• Important events such as the Great Depression and World War II may have significantly affected educational attainment.
  • Traditional gender roles and sex-based discrimination also severely limited the professional prospects of women.
  • Some researchers have suggested that any randomly selected group of children with similar backgrounds would have been just as successful as Terman's original subjects.
  • And many others have expressed concern that intelligence tests, in general, are biased in favor of children of higher socioeconomic status.

Personality Traits, IQ, and Success

Researcher Melita Oden, who carried on Terman's research after his death, decided to compare the 100 most successful subjects from the study (Group A) to the 100 least successful (Group C). While they essentially had the same IQ levels, those in Group C only earned slightly above the average income of the time and had higher rates of alcoholism and divorce than individuals in Group A.

According to Oden, the disparity was explained, in large part, by the psychological characteristics of the groups.

Those in Group A tended to exhibit characteristics such as:

  • Desire to excel
  • Perseverance
  • Prudence and forethought
  • Willpower

Furthermore, as adults, they exhibited three key traits not seen in most Group C subjects: goal-orientation, self-confidence, and perseverance. This suggests that, while IQ can play a role in life success, personality traits remain the determining feature in realizing that success.

A 2016 study supports this conclusion, noting that grades and achievement tests are generally better predictors of life outcomes than IQ tests because they can better measure personality traits that also predict success.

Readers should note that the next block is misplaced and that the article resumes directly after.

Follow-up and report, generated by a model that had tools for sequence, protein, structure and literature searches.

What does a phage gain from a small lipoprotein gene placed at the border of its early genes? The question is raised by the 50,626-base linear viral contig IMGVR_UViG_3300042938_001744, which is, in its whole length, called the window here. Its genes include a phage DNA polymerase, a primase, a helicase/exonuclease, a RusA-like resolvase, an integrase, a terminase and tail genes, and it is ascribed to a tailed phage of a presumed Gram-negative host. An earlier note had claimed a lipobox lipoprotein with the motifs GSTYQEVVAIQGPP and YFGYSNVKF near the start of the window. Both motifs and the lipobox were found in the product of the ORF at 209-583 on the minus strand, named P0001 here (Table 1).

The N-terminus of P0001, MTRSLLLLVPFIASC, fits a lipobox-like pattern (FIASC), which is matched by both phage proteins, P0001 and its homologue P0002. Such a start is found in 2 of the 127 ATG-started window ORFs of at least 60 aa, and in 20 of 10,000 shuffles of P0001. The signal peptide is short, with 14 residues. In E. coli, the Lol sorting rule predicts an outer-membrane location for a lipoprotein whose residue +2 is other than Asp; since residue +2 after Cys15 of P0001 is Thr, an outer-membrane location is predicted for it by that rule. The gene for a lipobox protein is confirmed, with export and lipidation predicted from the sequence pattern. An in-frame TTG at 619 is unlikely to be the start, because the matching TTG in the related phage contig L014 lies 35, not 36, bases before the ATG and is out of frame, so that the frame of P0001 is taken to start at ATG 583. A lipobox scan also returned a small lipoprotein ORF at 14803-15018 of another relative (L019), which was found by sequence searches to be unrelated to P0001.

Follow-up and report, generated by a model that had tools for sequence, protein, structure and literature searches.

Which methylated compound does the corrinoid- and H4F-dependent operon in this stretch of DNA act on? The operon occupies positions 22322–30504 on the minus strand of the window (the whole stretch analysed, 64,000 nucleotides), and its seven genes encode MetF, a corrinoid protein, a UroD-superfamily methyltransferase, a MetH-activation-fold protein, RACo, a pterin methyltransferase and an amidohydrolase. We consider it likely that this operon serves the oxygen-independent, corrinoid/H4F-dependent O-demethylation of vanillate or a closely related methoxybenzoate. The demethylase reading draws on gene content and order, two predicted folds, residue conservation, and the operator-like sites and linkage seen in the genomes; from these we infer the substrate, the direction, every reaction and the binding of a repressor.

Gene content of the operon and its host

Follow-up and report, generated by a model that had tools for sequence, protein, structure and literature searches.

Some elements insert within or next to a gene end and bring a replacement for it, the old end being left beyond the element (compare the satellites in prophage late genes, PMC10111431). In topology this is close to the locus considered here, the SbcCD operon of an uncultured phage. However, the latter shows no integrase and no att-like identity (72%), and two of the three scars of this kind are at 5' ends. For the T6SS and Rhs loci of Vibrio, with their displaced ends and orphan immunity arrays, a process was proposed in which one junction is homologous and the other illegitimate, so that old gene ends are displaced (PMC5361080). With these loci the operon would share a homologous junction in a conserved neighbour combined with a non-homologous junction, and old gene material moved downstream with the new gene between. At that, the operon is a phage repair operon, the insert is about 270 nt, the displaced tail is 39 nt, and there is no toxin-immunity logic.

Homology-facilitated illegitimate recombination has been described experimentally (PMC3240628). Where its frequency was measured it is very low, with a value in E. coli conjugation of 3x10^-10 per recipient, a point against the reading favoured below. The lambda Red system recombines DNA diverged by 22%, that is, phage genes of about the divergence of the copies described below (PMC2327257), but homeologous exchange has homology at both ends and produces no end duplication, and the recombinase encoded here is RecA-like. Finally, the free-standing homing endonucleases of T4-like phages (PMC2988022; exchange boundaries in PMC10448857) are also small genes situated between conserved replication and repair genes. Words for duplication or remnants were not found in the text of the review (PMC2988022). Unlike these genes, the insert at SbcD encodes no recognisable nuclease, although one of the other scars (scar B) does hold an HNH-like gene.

Outcomes for People With High IQ

While a high IQ can't predict success in life, it does reliably predict academic success in school. Research also suggests that high IQ people tend to be more successful at work.

However, in some cases, it may just be the opposite. Some studies have suggested that children with exceptional intelligence may be more prone to depression and social isolation than less-gifted peers. They may need support in these and other areas to perform well at school and work.

Openness to Experience

Research has also found that high IQ people were more likely to smoke marijuana and use illegal drugs. A personality trait known as openness to experience might help explain this connection. This trait is one of the key personality dimensions described in the big 5 theory of personality.

Openness is a trait that essentially removes unconscious barriers that would otherwise prevent a person from experiences considered socially unacceptable. Moreover, it is moderately associated with creativity, intelligence, and knowledge.